By its judgment of 12 July 2013 (LJN: BZ3640), the Supreme Court confirmed that "will-dependent" material cannot be used to impose punitive sanctions. Persons can only be compelled to provide such material to a government authority with the explicit guarantee that it will not be used to impose a punitive sanction.

The case is relevant from a competition law perspective as the Dutch Supreme Court confirms the limits of the duty to provide information and to cooperate with government authorities. While authorities like the Authority for Consumers and Markets ("ACM") have broad powers and can levy heavy fines for non-cooperation, their powers are limited by the rights of defence as enshrined in, inter alia, Article 6 ECHR. The Supreme Court decision provides an authoritative confirmation that Article 6 ECHR and the case-law of the European Court of Human Rights ("ECtHR") have to be interpreted in such a way that Dutch government authorities cannot compel a person to submit will-dependent material without the guarantee that the material cannot be used to impose a punitive sanction on that person. If the ACM requests undertakings for information on the basis of its general monitoring and enforcement powers before opening an investigation, undertakings could demand the ACM to guarantee that any will-dependent materials provided cannot be used to impose punitive sanctions on it.

The case revolves around a dispute between an unidentified private individual, who appealed in cassation ("Appellant"), and the Dutch tax authority. The Supreme Court discusses the relationship between an individual's duty to provide the tax authority with all relevant information for that individual's taxation and the right against self-incrimination as guaranteed by Article 6 ECHR.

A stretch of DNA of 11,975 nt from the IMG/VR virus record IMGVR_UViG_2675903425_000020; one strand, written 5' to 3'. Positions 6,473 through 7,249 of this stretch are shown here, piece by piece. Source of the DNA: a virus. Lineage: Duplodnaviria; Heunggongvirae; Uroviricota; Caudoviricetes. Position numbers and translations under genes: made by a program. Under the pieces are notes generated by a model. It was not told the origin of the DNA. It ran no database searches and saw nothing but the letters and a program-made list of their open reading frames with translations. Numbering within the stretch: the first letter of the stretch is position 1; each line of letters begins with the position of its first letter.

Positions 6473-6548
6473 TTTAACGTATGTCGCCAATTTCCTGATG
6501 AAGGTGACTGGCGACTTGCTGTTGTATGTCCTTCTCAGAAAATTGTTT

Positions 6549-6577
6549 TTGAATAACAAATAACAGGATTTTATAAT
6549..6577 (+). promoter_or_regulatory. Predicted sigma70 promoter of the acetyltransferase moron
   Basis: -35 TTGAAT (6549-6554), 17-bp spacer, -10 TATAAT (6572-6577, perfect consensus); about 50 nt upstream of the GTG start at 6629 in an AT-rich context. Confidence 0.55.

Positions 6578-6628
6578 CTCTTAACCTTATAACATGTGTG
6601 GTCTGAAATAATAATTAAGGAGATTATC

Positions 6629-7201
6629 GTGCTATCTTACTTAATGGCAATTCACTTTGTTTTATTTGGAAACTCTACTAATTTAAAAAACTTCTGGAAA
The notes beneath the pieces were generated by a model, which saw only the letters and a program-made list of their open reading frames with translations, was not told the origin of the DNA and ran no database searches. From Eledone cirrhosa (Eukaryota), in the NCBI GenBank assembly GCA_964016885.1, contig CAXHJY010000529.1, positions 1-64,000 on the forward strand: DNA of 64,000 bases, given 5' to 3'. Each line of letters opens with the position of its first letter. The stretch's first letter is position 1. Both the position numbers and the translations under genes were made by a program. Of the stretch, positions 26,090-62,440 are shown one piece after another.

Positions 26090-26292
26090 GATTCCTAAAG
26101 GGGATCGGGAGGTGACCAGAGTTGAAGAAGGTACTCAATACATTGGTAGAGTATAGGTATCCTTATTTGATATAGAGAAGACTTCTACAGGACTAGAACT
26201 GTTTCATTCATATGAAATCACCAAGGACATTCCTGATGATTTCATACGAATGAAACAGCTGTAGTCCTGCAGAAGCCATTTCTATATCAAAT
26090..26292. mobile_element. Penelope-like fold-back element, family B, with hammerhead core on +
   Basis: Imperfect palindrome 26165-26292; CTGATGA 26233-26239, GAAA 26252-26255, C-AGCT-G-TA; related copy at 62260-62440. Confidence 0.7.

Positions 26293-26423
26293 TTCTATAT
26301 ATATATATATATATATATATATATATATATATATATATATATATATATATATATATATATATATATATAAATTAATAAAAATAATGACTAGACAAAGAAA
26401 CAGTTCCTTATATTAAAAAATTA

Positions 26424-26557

A lower court had, at the request of the tax authority, ordered Appellant to provide information about his foreign bank account and income. Appellant claimed that the order violated his right against self-incrimination as protected by Article 6 ECHR, since at least part of the requested information qualified as will-dependent materials within the meaning of the Saunders judgment of the ECtHR (Saunders v. the United Kingdom). Since Appellant could not exclude that the information would be used against him to impose a punitive sanction, he claimed that he could not be compelled to hand over that information.

The Supreme Court recalled the Saunders judgment and made a distinction between (i) information that exists independent of the will of the person concerned; and (ii) information that does not exist independent of the will of the person concerned, that is, "will-dependent" material. It ruled that a person can be compelled to submit both types of information for taxation purposes but the second type of information cannot be used to impose a punitive sanction on that person.